On her property north of Boulder, painter and conceptual artist Jane McMahan spent four months videotaping the interior of two beehives. Focusing on two queen bees, Zazzala and Tazzala (named after DC Comics characters), and the drama on the honeycomb, she’s since whittled the amber-hued footage into six scenes, each lasting five minutes, calling it “Nousbee.”
By playing segments in rotation on six large, overlapping panels, and looping them continuously, McMahan is hoping she can convey the beauty of bee behavior.
“Bees have a negative connotation; they’re aggressive, creepy and sting,” McMahan says, noting, “They’re only there to work, and their culture is fascinating.”
But as you probably know, they’re in trouble. Since late 2006, billions of honeybees have mysteriously flown away from their hives and died. The culprit is known as Colony Collapse Disorder, but the cause is elusive. Scientists are looking at a web of problems — pesticides, viruses and parasites, weakened immune systems — most likely aggravated by large-scale agricultural methods.
It’s estimated that one in every three bites of food we put on our forks relies on the work of pollinators, the honeybee chief among them. Daisy McConnell, co-director at the University of Colorado at Colorado Springs‘ Galleries of Contemporary Art (GOCA), joined the ranks of the worried after viewing the documentary Vanishing of the Bees last year.
“The threat to bees is a threat to human existence,” she says.
To raise awareness, McConnell spearheaded an art show focused on bees, HIVE, and joined efforts with others around town for Cross Pollination, a series of community-wide events that runs through December. Six local art institutions are partnering to host a mélange of workshops, performances, panels and even honey tastings.
McMahan’s film footage will debut as part of HIVE, along with works from four other artists who herald the pollinator’s impact on our culture and ecosystems through sculpture, encaustic (beeswax) painting and site-specific installations.
“Like the canary in the coal mine,” says McMahan, “bees are an indicator of how things are going in the environment. And they’re not doing well.”
Apiary field day
Boulder artist and filmmaker Laura Tyler has been a beekeeper for 11 years. She tends to her bees using organic methods. Still, it’s been a bad year. Honey yields have dropped drastically.
“Our bees look sick,” says Tyler. “We’re seeing the same symptoms that are being reported in California. I believe that systemic pesticides are the cause.”
In sickness and in health, the apiary informs all of her projects. In HIVE, she’s showing Sister Bee, a short 2006 documentary she produced and directed that follows six beekeepers for a year, as well as exhibiting honeycomb sculptures and encaustic paintings.
Encaustic is an ancient medium that predates oil paint, Tyler says. Molten wax is applied to a surface and then “built up in layers, dripped, scratched and gouged,” blending aspects of painting and sculpture.
“They’re known for translucency, lush texture and depth,” she says. “Its popularity is spreading like wildfire.”
Tyler’s subjects are botanically inspired renditions of leaves, stems and flowers. She paints a 4-foot-by-3-foot panel and then cuts it into book- or notepad-sized vignettes. In the gallery, Tyler arranges the “tiny” paintings into clusters.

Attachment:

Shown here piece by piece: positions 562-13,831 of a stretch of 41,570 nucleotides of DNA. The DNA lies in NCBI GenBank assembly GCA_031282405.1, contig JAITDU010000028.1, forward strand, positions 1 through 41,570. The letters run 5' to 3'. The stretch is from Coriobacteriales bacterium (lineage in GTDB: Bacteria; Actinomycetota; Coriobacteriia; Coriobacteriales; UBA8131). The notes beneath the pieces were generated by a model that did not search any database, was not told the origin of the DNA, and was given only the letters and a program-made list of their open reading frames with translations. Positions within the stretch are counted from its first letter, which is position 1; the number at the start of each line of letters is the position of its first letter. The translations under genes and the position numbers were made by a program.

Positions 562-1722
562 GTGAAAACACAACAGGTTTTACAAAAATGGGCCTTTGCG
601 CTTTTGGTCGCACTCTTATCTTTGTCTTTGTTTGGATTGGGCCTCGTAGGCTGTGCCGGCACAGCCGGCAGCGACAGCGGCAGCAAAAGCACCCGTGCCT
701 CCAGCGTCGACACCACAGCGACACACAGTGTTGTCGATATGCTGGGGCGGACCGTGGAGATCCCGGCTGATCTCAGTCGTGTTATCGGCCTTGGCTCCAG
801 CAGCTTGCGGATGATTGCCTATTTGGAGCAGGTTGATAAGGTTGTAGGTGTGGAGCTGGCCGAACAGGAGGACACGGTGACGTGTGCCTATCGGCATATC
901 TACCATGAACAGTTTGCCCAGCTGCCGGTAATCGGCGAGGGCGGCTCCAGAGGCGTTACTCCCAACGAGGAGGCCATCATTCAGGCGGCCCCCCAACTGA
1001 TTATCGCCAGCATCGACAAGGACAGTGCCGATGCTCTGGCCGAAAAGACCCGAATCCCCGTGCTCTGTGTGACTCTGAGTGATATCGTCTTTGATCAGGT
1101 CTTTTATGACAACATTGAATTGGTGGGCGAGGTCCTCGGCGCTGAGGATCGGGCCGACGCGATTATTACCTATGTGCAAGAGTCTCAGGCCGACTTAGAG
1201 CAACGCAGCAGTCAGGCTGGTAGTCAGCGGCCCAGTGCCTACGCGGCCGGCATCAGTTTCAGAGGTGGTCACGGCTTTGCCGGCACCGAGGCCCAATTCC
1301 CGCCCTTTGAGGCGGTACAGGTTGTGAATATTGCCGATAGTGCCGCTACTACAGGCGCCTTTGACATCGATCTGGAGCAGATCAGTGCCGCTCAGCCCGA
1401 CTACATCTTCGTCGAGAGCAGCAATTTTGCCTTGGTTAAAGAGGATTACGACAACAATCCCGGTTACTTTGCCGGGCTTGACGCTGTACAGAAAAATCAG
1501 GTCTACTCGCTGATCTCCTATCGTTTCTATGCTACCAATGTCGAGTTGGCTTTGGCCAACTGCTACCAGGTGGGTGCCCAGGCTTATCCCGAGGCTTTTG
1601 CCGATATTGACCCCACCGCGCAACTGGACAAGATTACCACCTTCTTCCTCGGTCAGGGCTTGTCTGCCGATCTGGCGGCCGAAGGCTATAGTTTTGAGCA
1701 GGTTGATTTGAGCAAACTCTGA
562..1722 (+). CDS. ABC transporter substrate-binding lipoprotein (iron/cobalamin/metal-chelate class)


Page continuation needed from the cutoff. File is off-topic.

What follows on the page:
“They work together like a supraorganism,” she says, referring to a group of organisms that function as a social unit. “Bees need the colony or they will die. They’re social creatures. Humans are like that as well.”
Not to be missed are Tyler’s two honeycomb sculptures, which she creates by “directing the bees’ natural patterns.” It’s a time-consuming technique, and rarely seen. “Flying Geese,” which is named after a quilt pattern, took five years to complete: Tyler inserted triangular wooden frames into a hive, allowed the bees to fill them with comb, then arranged the comb, like a quilt, into a 24-square sculpture.
A second sculpture appears under the seat of a dining room-style chair. Tyler guided the bees to build both dark and light comb, eventually creating a sphere of comb the size of a basketball. The chair is representative of the human body, she says, and the comb represents the energy bees provide. “It looks like a rocket ship about to blast off.”
A whole ‘nother level
Matt Barton, a UCCS art professor, has constructed a human beehive for HIVE. It’s a hybrid of sculptural and architectural elements, he says. Modeled after the traditional dome shape found in the wild, it hovers over the exhibit at roughly 12 feet tall. Around the middle, it’s nearly 8 feet wide. Steps in the center lead up into a tight opening, and like honeybees, visitors can crawl in, climb up, and relax inside the cozy cocoon.
“Now the viewers are themselves part of the exhibit,” Barton says. “It’s more of an exploration. It adds another level of interaction.”
Barton constructed the hive using aspen saplings that he gleaned from overcrowded forest in Park County. He trimmed hundreds of the cream-colored branches to make poles and wove them over an armature. The geodesic design is bolstered by the intertwined saplings forming the hive’s arch.
“I’m creating space for people to take wherever they want to go with it,” Barton says. At past installations that were similar in scope, he’s seen strangers meet, make connections and leave as friends. His hive is designed to have the same effect and to create a sense of community.
“The colony resembles all of us working together,” he says. After all, a single bee alone accomplishes nothing. “But when they come together, it works beautifully.”